The Lucky bamboo is an easy to grow plant which can thrive in soil or water.
While the LB has the common name of bamboo it is not an actual bamboo plant species and belongs to the dracaena genus, although the stalks have a similar appearance.
Let's take a closer look at this plants description, how to grow and caring advice.
The lucky bamboo grown in it's native country (West Africa) can grow up to 5ft tall (or much more), and as a house plant up to approximately 2 or 3 feet. There are various cultivars of this plant and some of the most interesting are the twisted stalk types which are trained by specialist growers.
The name lucky seems to have been given by the Chinese that practice feng shui and believe in this plant brings good fortune into a home or workplace.
Place in water or soil?: Dracaena braunii plants grow at their best in a pot with soil and live longer lives, however, many are grown in glass type vases which does give them a pretty cool minimalistic look. They are also grown in aquariums and sold in pet shops submersed in water or some shoots just above the water, but this is not the correct way of growing them and they can rot.
Flowering: In their natural tropical habitat grown outdoors the lucky bamboo will flower, but grown indoors they will not.
How it looks: Most of these are sold with about 3 stalks that look very similar to real bamboo plant's (although they're not bamboo) and grow light green shoots with slim and long arching leaves. You can also purchase the braided type that have numerous stems which seem to have become less expensive recently.
Easy to care for: Lucky bamboo is well known for being very easy to grow and maintain. When they're grown in water they can be left for a few weeks without having any health problems, although this water should really be replaced every 7 days. To grow and maintain a good healthy plant it is much better to grow them within a soil pot.
Pruning: Trim back shoots one or two of inches from the stalk which will encourage the plant to grow into a nice bushy plant. If you have too many off shoots you can cut some back near to the stalk. Do not cut stalks.
Temperature: Warm room temperature's and above are advised 65°F (18°C) - 90°F (32°C). Avoid lower than 55°F/12°C in the winter.
Light: In it's natural habitat the lucky bamboo grows under the cover of shaded trees, so place your plant in a bright spot without direct sunlight which can burn the leaves that will mimic their natural living space.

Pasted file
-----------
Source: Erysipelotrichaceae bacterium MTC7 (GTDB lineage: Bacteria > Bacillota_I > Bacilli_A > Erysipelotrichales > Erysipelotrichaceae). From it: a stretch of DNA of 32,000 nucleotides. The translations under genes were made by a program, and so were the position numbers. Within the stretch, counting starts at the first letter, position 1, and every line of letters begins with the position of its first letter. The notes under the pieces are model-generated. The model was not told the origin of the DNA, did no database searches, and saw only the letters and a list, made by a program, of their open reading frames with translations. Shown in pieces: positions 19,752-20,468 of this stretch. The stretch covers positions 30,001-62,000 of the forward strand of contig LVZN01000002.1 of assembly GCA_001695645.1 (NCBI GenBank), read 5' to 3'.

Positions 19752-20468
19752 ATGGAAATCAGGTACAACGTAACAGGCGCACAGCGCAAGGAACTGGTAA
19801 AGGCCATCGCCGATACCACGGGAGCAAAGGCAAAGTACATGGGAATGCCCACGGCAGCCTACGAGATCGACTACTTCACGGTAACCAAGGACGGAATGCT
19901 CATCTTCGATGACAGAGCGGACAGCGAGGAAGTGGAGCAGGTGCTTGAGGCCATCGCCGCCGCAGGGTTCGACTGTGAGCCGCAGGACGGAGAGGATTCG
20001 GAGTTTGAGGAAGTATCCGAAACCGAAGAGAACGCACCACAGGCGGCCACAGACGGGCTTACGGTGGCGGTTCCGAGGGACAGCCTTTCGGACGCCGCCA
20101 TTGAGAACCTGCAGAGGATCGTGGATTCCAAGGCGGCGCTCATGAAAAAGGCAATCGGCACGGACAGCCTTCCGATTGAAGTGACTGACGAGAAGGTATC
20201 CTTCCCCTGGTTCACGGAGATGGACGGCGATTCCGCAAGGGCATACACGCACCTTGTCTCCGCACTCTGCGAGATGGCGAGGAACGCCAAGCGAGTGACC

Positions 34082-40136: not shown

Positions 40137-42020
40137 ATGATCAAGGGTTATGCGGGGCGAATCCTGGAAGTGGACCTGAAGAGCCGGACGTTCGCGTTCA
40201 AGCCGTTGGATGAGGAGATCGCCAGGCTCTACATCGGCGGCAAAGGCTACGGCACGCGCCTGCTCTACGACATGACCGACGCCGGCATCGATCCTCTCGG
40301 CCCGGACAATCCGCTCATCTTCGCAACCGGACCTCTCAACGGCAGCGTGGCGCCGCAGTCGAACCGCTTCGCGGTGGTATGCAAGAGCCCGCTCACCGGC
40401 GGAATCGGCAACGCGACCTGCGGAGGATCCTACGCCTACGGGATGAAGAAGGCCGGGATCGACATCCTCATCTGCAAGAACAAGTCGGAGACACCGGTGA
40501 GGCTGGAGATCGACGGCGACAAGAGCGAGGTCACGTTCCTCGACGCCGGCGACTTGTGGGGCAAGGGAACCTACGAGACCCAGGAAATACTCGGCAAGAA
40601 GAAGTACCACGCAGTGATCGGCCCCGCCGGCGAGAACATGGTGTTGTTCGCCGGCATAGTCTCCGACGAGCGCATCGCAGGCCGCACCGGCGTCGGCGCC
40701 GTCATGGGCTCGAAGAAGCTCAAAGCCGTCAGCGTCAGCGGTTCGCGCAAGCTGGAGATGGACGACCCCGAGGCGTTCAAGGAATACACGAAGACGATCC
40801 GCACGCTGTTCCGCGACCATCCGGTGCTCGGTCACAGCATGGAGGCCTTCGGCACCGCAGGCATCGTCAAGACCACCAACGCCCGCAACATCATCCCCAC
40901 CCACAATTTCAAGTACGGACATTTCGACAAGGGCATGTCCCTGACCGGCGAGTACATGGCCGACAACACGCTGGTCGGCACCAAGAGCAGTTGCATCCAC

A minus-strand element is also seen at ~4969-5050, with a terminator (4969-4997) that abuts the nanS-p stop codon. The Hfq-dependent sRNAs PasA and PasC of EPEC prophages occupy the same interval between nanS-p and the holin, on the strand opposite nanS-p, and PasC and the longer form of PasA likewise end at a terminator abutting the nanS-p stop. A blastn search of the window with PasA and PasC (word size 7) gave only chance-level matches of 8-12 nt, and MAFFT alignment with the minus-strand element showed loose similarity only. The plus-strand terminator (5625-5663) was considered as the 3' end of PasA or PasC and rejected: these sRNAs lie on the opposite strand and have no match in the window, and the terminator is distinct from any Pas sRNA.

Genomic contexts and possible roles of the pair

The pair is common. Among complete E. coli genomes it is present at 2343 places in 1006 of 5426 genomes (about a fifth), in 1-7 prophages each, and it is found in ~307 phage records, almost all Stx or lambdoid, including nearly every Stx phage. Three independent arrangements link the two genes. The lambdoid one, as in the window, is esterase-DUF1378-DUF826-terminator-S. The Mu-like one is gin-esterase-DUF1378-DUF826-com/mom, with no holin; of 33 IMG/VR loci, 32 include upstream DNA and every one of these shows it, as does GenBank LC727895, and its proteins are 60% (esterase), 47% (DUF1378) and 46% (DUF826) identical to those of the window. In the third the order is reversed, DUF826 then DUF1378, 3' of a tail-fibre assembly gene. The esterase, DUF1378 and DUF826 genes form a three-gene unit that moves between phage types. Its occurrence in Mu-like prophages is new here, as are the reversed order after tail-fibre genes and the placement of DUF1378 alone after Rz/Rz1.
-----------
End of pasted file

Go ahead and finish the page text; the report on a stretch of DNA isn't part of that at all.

Water: In a vase or water type pot change the water once every 7 days with distilled or bottled water. If your dracaena braunii is grown in soil (which is it's natural way of growing), water once the soil becomes slightly dry to the touch.
Soil: A well draining potting soil mix is advised.
Fertilizer: Feed with a diluted fertilizer about once a month in water or soil. If your plant sits within water then it will need just a drop added to the water.
Misting: To improve humidity mist the leaves frequently.
Re-potting: Re-pot a plant living in soil when it becomes pot bound or every 2 years. If your plant sits in water with pebbles at the bottom for stability, re-pot to a bigger container once the previous one becomes too small and when the pebbles and container need cleaning. Cleaning the water container will prevent bacteria problems.
Air Humidity: Normal room humidity is fine.
Propagation: Choose and cut the biggest shoot (or shoots) available on a stalk and remove the lower leaves from the shoot. Cut the shoot about 1 cm – 2 cm away from the stalk. Sit your stem cutting in water for about 3 months until roots appear and then pot in soil.
Yellow or brown leaf edges: The possible cause can be too much chemicals in the water (fluoride, chlorine or others) or direct sunlight. If the plant has had no direct sunlight then the problem has to be water chemical which should only require you to remove the old water and use distilled water.
Also make sure your not over feeding with fertilizer which can also turn leaves yellow. Browning of the leaves can also be caused by dry air which can be overcome with increasing the humidity.
Stalks becoming soft and/or yellow: The bottom of stalks can become soft and mushy or yellow for a variety of reasons, but it's often water related. The fact of the matter is this stalk is already dead or near death and will need to be separated from the other stalks and thrown away. Remove this stalk as soon a possible so it does not affect healthy stalks.
by Jason Jones - Copyright © 2013 - 2014 All rights reserved www.houseplantsexpert.com